Friday, June 08, 2012

Rachel Held Evans and "Complementarianism"

Joe Carter writes:
Evans wins the debate---but only with the strawman version of complementarianism she created. For example, she asserts that complementarianism is like the "relationship between a boss and a subordinate"---an analogy that would strike most complementarians as offensive and absurd.

Evans also offers several non sequiters---such as that she and her husband share chores together and that she enjoys football more than he does---as evidence that her marriage is "functionally egalitarian." Many chore-sharing husbands and football-loving wives will be shocked to discover they've been engaging in egalitarian activities.

Evans's understanding of egalitarianism seems to be as confused as her view of complementarianism. In truth, "functionally egalitarian" marriages should more aptly be described as "dysfunctionally complementarian." A husband who refuses his male headship role is not creating equality in the marriage but transferring the headship role to the wife. Hierarchy is not removed, only replaced by an unbiblical reversal of the creational norm.

Evans claims that complementarianism is patriarchy, and here she stumbles upon the truth. She doesn't appear to recognize, however, that the patriarchy of marriage models the patriarchy of the Godhead. In contrast, the "functional egalitarianism" that Evans prefers models our culture's obsession with autonomy and disdain for authority. It is an ideology particularly suited to fulfill the masculine desire---first exhibited by Adam---to shirk our responsibility as servant-leaders and transfer our God-mandated role to our wives.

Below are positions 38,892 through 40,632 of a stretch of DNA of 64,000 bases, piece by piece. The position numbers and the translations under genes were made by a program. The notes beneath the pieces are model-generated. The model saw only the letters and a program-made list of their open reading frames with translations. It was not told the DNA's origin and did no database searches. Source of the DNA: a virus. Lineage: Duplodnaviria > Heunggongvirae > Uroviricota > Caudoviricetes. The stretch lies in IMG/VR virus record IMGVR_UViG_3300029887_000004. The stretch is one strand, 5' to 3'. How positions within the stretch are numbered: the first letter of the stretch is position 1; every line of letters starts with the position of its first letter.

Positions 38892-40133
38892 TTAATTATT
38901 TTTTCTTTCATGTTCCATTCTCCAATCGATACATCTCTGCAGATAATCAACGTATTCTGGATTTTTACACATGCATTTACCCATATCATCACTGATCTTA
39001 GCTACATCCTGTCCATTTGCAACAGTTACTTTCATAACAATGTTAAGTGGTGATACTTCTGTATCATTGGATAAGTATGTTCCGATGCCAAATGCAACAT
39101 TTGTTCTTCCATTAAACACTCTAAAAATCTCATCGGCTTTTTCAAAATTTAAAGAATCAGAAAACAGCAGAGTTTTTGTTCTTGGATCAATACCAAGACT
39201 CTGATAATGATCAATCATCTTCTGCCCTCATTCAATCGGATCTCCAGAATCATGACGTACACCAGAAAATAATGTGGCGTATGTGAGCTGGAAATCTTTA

Of course, this debate is neither new nor likely to end anytime soon. Evangelicals can always find an authority who will provide them with an authoritative justification for shirking authority. Such poor exegesis, however, can become habit-forming---and therein lies the true danger. As John Piper has said, you don't have to be a complementarian to be saved. But, he adds, when you start resorting to "the kind of gymnastics" needed to find egalitarianism in Scripture then "sooner or later you are going to get the gospel wrong."
Read the rest.

Recommended Resources:
Recovering Biblical Manhood and Womanhood: A Response to Evangelical Feminism

Evangelical Feminism and Biblical Truth

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